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A senior editor of National Review and leading conservative spokesperson provides commentary to accompany this anthology of character-building stories from history, the Bible, and such poets as Frost and Angelou. 60,000 first printing. National ad/promo. Tour.
A collection of stories and poems presented to teach virtues, including compassion, courage, honesty, friendship, and faith.
Originally published in 1986. Both moral philosophers and philosophical psychologists need to answer the question ‘what is a virtue?’ and the best answer so far give is that of Aristotle. This book is a rigorous exposition of that answer. The elements of Aristotle’s doctrine of virtue are scattered throughout his writings; this book reconstructs his complex and comprehensive doctrine in one place. It also covers Aristotle’s views about choice, character, emotions and the role of pleasure and pain in virtue. The celebrated function (ergon) is considered carefully as well as the doctrine of virtue being related to Aristotle’s metaphysics and categories.
The distinguished philosopher Robert M. Adams presents a major work on virtue, which is once again a central topic in ethical thought. A Theory of Virtue is a systematic, comprehensive framework for thinking about the moral evaluation of character. Many recent attempts to stake out a place in moral philosophy for this concern define virtue in terms of its benefits for the virtuous person or for human society more generally. In Part One of this book Adams presents anddefends a conception of virtue as intrinsic excellence of character, worth prizing for its own sake and not only for its benefits. In the other two parts he addresses two challenges to the ancient idea of excellence of character. One challenge arises from the importance of altruism in modern ethical thought, and the question of what altruism has to do with intrinsic excellence. Part Two argues that altruistic benevolence does indeed have a crucial place in excellence of character, but that moral virtue should also be expected to involve excellence in being for other goods besides the well-being (and the rights) of other persons. It explores relations among cultural goods, personal relationships, one's own good, and the good of others, as objects of excellent motives.The other challenge, the subject of Part Three of the book, is typified by doubts about the reality of moral virtue, arising from experiments and conclusions in social psychology. Adams explores in detail the prospects for an empirically realistic conception of excellence of character as an object of moral aspiration, endeavor, and education. He argues that such a conception will involve renunciation of the ancient thesis of the unity or mutual implication of all virtues, and acknowledgment ofsufficient 'moral luck' in the development of any individual's character to make virtue very largely a gift, rather than an individual achievement, though nonetheless excellent and admirable for that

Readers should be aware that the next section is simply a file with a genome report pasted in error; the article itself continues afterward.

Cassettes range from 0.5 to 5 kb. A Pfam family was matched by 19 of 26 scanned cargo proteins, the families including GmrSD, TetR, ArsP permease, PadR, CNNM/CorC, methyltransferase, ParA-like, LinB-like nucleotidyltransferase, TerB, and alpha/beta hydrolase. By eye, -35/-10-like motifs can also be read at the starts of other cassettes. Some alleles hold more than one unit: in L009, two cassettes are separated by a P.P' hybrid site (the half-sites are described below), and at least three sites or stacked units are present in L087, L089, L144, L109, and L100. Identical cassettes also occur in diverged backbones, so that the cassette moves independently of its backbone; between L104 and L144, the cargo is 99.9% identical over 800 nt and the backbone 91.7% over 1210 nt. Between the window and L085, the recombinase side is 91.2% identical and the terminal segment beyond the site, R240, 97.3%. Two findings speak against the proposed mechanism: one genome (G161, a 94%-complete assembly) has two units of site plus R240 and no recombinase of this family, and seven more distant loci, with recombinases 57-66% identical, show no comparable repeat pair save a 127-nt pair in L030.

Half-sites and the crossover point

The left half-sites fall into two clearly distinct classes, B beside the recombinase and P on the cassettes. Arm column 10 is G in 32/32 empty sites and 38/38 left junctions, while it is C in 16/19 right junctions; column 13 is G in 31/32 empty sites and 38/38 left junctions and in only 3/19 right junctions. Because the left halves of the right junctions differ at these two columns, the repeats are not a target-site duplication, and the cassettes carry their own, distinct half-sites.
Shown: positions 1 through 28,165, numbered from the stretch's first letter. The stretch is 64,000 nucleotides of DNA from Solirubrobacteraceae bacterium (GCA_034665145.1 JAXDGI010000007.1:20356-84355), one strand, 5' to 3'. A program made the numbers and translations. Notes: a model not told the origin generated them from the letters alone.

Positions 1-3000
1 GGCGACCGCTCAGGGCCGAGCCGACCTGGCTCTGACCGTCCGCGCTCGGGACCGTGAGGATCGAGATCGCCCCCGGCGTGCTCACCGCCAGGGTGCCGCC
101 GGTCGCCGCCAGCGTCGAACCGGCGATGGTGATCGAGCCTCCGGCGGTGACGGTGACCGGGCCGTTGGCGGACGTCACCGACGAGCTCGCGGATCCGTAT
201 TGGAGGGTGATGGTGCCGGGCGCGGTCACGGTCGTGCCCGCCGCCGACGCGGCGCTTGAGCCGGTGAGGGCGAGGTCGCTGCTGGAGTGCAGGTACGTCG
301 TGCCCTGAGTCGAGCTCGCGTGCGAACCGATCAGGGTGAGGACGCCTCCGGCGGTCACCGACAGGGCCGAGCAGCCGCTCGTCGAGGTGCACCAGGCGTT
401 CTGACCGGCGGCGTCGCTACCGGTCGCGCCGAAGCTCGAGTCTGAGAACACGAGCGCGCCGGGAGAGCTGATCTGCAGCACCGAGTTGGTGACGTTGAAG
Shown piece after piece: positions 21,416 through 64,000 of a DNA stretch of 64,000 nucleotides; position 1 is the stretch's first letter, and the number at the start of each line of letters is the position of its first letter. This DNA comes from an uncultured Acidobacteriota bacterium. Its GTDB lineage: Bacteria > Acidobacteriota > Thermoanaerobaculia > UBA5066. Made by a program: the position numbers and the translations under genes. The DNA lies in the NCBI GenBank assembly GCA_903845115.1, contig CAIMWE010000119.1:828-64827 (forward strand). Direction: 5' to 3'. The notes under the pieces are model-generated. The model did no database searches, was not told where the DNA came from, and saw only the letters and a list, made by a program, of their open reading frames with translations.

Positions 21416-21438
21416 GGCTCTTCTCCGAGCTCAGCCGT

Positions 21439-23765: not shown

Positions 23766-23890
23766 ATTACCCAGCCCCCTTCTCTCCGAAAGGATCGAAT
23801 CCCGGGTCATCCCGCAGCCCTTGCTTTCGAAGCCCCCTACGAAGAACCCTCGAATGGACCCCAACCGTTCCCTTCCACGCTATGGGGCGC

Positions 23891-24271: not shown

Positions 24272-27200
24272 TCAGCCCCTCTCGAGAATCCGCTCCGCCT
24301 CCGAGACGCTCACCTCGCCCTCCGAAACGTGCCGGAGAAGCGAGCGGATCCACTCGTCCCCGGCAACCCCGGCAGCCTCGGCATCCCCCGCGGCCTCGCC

The characteristic feature of the Christian moral life remains the very person of Jesus Christ. As the Eternal Word of the Father, Christ supplies the universal, personal, and concrete norm for all moral comportment. When human action flows from the agent's union with Christ, human freedom meets up with its own graced source of energy. From the moment that a human creature encounters the triune God, the creature discovers who he is: For when God chooses a person to share in the blessed communion of his own life, the individual achieves a quality of personal being that only God can bestow. The more authentic our relationship with the Persons of the blessed Trinity becomes, the more the divine life takes hold of us and, through the virtues, shapes our daily actions. This new book treats the virtues of the Christian life from a Trinitarian perspective. The chapters pursue a common theme: To show believers how they can decide what is morally good and, by embracing the moral good, grow to the full statue of Christ's own loving kindness. To achieve this aim, the text treats in an innovative and fresh manner both the theological virtues, faith, hope, and charity, as well as the cardinal moral virtues, prudence, justice, fortitude, and temperance. The author also reflects on allied questions of moral theology and so provides a significant commentary on the third part of the Catechism of the Catholic Church.
Dr Casey argues that the classical virtues of courage, temperance, practical wisdom, and justice, which are largely ignored in modern moral philosophy, centrally define the good for Man. The values of success, pride, and worldliness remain alive, if insufficiently acknowledged, part of our moral thinking. The conflict between these values and our equally important Christian inheritance leads to tensions and contradictions in our understanding of the moral life.

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